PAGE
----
Local Chambers Have Voice In Immigration Debate

Business for Skilled Worker Immigration, a consortium of approximately 40 chambers across the country, has joined in on the debate on immigration reform in effort to gather the opinion of community members and business owners on a national level. The group was started by the Greater Boston Chamber of Commerce, according to the Chicago Tribune.

One of the groups joining the consortium is the Naperville Area Chamber of Commerce, based in the western suburb of Chicago. Cholly Smith, Great Lakes regional manager for the U.S. Chamber, recently visited Naperville to inform the chamber members on recently debated topics in immigration reform and to ensure they are able to voice their opinions. The coalition is pooling information from all of its members to have a cohesive standpoint on the hot-button subject.

In Naperville, business owners voiced their concern on the lack of skilled workers and the difficulty and time period of getting work visas. Mike Evans, president and CEO of the local organization, said the reform needs to address long-term employment and give employers easier access to skilled workers. Smith said the U.S. Chamber shares similar concerns, in addition to securing borders and creating a national standard for employee verification.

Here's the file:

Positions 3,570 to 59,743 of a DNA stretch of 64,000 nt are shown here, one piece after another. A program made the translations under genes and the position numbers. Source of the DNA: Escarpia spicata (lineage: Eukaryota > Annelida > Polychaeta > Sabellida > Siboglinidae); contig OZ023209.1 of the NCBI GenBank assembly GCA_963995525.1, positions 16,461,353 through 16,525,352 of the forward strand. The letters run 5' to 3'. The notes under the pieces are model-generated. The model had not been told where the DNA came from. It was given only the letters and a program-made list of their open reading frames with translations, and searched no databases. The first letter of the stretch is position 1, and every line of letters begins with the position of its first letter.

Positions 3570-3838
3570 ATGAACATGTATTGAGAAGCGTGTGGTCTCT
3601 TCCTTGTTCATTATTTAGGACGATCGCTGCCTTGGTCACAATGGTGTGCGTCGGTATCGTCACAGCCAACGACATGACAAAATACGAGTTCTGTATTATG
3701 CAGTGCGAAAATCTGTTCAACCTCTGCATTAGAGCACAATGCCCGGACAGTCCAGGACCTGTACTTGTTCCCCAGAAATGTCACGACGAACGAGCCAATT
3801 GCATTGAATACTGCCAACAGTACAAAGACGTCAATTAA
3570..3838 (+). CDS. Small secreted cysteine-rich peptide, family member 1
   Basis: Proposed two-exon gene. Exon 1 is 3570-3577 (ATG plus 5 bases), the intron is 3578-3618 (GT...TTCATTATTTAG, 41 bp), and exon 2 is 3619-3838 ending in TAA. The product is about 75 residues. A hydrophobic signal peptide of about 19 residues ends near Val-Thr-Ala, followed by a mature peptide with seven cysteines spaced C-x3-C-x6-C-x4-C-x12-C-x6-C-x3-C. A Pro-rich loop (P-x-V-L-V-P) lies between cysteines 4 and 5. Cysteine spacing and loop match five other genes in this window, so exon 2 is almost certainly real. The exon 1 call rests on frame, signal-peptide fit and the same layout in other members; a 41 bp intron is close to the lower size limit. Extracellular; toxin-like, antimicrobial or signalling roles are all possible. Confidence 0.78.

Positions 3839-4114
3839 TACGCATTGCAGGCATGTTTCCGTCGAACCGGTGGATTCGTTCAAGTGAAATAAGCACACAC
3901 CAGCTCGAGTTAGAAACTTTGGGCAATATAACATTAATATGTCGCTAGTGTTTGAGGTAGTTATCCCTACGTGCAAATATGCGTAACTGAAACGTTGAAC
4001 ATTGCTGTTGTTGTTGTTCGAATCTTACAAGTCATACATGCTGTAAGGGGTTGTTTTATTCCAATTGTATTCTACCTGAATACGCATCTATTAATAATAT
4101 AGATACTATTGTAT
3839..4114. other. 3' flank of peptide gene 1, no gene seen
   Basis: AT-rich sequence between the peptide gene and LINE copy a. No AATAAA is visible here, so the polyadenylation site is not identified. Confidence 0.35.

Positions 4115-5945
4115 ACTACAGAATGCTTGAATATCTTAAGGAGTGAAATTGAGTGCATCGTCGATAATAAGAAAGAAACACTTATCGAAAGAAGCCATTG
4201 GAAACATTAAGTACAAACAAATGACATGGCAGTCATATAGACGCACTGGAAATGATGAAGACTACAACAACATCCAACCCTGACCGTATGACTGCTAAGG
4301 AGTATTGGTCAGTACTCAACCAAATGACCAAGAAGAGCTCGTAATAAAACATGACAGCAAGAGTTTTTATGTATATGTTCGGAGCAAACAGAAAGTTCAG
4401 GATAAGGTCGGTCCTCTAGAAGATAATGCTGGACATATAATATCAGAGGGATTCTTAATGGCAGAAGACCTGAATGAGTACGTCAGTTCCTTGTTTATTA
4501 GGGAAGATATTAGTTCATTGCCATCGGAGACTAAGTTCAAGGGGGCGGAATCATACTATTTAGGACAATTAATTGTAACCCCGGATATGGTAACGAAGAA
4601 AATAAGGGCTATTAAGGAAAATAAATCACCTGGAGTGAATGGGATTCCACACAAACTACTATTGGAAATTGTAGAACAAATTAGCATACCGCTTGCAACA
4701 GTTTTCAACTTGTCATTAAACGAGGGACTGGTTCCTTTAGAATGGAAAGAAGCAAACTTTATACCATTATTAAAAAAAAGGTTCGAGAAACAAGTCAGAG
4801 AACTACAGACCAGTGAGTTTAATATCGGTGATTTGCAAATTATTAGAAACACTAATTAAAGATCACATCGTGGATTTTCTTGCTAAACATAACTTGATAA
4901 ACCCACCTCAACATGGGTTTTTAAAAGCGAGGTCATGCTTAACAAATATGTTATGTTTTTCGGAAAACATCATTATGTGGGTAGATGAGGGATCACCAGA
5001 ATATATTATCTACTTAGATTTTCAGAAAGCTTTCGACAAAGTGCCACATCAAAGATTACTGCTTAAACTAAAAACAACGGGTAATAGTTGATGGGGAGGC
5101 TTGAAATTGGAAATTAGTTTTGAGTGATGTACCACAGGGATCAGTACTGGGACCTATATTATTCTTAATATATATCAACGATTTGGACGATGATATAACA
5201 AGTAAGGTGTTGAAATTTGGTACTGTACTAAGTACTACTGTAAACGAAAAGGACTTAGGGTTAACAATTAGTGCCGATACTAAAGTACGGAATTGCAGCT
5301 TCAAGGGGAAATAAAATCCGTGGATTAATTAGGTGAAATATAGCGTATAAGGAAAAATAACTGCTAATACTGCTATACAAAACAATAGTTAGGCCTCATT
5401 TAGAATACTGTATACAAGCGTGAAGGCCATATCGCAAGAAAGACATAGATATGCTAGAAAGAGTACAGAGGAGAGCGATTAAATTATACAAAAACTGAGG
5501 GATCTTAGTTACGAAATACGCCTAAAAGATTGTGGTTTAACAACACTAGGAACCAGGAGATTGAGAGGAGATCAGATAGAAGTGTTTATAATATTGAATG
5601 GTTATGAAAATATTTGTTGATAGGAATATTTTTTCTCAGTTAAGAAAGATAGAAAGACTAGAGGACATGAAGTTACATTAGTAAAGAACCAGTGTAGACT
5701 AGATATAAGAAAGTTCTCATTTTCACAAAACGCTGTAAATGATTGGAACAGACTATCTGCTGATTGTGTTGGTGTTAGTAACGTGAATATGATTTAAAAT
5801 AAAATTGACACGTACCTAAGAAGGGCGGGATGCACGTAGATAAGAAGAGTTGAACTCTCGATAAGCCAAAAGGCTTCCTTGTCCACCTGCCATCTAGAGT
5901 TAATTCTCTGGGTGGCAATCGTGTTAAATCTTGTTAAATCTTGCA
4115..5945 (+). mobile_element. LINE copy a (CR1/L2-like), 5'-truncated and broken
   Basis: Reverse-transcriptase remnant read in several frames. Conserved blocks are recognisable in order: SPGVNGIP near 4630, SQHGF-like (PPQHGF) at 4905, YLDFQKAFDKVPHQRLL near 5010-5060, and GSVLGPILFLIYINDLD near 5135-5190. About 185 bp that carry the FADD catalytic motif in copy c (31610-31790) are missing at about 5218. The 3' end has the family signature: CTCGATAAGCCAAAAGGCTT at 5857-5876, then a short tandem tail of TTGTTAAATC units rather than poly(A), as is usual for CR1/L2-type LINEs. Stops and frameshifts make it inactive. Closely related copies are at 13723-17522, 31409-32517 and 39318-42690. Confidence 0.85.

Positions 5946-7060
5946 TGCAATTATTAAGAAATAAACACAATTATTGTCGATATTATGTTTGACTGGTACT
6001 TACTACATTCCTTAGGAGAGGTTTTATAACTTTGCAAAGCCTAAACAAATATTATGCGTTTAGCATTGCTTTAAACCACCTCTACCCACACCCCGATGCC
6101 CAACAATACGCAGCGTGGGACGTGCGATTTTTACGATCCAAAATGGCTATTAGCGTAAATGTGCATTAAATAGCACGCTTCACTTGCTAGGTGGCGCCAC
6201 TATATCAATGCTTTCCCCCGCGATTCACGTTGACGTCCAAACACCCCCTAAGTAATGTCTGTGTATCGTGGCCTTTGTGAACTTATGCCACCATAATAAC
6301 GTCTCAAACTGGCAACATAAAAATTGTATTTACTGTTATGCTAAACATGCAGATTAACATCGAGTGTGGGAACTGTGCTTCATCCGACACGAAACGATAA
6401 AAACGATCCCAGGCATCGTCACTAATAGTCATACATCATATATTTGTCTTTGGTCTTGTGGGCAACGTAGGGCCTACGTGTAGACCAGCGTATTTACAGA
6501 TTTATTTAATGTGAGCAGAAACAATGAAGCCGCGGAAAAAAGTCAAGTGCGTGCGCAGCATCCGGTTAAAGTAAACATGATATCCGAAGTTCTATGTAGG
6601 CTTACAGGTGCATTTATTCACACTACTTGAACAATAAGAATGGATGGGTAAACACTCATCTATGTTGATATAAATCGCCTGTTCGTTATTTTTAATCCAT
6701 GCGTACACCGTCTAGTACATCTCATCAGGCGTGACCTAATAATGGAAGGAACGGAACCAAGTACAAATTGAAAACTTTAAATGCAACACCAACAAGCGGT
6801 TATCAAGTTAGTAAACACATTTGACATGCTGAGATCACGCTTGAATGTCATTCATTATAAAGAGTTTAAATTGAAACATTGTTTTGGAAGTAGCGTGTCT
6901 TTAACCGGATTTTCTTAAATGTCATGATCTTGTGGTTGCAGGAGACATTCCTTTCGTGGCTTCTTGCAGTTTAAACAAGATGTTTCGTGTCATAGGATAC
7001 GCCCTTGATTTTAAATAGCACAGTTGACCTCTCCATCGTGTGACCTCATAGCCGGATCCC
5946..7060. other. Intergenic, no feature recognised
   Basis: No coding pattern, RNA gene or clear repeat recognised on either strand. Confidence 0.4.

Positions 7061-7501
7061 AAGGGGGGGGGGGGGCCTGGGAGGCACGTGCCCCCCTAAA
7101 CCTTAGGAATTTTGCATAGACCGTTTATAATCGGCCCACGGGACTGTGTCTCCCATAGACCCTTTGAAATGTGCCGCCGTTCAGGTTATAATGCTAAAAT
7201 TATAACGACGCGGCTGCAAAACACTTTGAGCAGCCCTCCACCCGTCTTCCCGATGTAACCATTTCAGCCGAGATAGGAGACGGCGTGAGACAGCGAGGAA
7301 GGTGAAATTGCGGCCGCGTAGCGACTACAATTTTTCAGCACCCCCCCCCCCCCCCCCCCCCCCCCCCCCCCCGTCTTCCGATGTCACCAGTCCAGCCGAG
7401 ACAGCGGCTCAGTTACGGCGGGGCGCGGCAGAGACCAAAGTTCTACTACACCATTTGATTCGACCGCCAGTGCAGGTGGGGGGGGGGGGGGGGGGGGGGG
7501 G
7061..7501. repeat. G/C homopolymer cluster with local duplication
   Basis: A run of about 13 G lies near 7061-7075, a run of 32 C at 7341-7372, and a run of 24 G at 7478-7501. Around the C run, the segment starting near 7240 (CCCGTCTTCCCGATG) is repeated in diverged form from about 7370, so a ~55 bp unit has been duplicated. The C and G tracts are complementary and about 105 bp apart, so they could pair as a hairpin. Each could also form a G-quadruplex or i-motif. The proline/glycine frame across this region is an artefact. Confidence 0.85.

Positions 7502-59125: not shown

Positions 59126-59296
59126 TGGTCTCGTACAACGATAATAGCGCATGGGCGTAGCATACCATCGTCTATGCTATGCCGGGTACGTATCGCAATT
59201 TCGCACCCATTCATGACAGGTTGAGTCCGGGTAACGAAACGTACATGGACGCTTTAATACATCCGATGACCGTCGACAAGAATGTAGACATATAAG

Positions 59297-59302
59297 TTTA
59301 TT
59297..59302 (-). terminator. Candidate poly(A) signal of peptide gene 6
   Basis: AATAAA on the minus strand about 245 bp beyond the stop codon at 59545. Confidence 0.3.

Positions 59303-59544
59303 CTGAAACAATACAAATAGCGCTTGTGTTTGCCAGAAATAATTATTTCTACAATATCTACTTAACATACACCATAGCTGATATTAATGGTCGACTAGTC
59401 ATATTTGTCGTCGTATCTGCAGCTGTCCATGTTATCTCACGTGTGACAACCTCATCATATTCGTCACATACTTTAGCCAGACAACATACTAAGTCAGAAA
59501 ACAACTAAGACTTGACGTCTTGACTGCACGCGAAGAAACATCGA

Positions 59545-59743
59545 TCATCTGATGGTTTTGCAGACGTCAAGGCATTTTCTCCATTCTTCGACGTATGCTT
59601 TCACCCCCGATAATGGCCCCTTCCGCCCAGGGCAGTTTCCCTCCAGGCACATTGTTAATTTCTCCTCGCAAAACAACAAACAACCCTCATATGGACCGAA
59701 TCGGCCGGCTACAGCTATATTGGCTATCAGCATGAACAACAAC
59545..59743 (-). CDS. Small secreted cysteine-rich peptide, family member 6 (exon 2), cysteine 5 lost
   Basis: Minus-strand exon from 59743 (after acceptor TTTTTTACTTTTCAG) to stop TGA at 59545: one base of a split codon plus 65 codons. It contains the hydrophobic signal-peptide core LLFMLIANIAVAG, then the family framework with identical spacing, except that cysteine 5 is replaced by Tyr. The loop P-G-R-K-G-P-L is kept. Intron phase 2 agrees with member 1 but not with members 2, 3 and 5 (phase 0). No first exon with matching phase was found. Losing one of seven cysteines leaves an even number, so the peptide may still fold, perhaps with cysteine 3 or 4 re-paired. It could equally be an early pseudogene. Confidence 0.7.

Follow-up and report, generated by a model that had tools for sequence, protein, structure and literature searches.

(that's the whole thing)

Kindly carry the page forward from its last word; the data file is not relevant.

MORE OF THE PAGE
The Greater Madison Chamber of Commerce is another member of the group, which hopes to ask Congress to address immigration reform to foster economic development.

“Some of the world’s best and brightest come to the Greater Madison region to advance themselves at our globally recognized universities,” Zach Brandon, chamber president, said in a statement to the Wisconsin State Journal. “As these foreign nationals complete their education and look to create new opportunities, we send them home to work for companies which compete with Wisconsin businesses. It makes no sense.”